The Postcolonial Flâneur: Open City and the Urban Palimpsest

Alexander Greer Hartwiger


Using reading, specifically Edward Said’s contrapuntal reading, as a metaphor for walking the city, I examine how the postcolonial flâneur re-reads New York back into history in Teju Cole’s Open City. The narrator’s palimpsestic walks through New York enable readers to situate the city’s global identity in a longer colonial and postcolonial history, challenging ahistorical characterizations of global cities. Coupled with the principles of nineteenth-century French flâneire, the postcolonial perspective offers a way to re-see the urban landscape through a dialectical insider/outsider position, enabling a critique of the complicity between globalization and capitalism in marginalizing voices and histories. Furthermore, my argument suggests that the novel challenges the celebratory cosmopolitan narratives that praise the rise of the global citizen while ignoring the plight of the unhomely.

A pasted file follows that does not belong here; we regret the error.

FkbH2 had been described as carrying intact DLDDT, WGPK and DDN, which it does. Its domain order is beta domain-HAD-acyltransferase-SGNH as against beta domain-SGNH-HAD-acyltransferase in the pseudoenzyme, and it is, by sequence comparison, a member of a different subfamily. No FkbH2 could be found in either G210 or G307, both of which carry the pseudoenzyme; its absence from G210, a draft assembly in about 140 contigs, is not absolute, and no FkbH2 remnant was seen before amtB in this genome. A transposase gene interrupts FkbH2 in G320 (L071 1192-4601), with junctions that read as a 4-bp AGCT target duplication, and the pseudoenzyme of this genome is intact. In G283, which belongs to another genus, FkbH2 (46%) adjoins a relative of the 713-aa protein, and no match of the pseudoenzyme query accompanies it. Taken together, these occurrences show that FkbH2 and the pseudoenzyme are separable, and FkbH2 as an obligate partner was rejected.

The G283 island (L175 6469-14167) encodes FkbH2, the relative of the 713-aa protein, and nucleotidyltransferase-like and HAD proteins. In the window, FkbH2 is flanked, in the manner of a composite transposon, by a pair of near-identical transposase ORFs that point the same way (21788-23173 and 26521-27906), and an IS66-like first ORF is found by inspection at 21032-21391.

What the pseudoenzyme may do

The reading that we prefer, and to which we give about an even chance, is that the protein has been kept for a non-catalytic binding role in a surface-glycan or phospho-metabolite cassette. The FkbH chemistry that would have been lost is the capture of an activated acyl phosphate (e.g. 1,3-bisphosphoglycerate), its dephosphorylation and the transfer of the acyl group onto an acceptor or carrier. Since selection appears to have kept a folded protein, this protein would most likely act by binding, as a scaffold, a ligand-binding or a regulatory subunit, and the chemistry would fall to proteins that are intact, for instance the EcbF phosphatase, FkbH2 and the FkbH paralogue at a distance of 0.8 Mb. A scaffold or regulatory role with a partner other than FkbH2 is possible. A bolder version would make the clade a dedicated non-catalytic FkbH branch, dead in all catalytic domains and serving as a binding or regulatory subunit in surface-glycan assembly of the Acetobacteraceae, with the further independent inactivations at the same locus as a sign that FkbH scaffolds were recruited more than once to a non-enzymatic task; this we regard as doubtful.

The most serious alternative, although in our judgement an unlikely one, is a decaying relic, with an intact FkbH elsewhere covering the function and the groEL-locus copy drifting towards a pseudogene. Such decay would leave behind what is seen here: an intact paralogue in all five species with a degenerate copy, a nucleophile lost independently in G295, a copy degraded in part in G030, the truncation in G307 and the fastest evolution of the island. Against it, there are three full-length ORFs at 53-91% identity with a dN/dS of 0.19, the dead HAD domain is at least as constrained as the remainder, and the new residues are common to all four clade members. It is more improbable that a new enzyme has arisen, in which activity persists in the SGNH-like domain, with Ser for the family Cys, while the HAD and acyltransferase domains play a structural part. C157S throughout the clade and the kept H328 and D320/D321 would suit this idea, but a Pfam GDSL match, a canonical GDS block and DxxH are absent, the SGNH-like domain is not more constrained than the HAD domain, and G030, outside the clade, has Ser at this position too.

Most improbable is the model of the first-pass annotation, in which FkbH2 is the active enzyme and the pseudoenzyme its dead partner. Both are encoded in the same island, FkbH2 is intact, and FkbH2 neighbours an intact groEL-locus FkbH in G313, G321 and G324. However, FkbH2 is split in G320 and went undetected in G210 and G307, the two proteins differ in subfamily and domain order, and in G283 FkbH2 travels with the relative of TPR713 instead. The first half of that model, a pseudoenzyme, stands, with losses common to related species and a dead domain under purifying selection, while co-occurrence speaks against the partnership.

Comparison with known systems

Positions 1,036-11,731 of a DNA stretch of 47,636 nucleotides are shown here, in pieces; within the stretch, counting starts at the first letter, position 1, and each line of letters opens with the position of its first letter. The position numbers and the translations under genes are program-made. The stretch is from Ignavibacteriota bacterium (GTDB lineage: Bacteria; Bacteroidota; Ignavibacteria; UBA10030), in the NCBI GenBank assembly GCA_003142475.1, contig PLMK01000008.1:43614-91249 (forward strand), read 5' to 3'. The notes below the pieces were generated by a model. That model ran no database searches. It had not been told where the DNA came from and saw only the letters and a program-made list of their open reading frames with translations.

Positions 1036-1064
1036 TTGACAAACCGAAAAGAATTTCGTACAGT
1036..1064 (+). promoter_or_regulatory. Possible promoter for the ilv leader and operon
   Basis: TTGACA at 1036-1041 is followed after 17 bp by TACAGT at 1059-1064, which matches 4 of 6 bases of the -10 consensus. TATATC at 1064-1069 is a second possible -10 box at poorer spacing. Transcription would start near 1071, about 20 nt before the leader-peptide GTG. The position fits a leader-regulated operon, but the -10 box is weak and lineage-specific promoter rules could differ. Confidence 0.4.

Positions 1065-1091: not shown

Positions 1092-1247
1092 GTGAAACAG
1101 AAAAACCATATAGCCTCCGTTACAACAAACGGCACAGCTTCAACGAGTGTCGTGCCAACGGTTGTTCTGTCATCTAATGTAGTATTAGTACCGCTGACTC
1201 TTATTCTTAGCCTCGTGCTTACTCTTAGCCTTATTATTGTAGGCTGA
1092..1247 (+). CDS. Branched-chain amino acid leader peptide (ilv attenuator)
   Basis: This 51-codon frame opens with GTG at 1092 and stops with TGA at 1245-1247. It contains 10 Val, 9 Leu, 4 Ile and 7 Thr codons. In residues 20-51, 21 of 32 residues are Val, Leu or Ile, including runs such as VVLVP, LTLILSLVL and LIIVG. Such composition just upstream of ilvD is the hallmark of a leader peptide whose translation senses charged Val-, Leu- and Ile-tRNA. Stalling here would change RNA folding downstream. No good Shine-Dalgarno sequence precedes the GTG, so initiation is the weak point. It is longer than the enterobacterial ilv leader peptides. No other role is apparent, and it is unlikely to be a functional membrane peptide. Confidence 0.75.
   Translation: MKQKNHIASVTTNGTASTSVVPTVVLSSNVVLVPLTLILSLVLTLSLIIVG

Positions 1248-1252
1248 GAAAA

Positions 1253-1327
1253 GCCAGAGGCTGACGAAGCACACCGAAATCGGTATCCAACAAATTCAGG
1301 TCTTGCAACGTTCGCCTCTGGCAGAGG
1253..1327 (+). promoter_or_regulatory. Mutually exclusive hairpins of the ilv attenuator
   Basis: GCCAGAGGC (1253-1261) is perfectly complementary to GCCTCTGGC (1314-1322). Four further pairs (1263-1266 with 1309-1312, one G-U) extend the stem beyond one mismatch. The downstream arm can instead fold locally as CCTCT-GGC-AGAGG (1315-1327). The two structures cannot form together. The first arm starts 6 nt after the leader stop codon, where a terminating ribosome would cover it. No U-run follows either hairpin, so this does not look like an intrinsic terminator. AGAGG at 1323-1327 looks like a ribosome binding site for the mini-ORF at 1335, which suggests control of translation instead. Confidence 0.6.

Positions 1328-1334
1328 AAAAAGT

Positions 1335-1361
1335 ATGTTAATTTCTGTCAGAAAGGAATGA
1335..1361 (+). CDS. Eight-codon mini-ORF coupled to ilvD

Flâneur; Contrapuntal Reading; New York; Open City; Postcolonial; Global City; Cosmopolitanism

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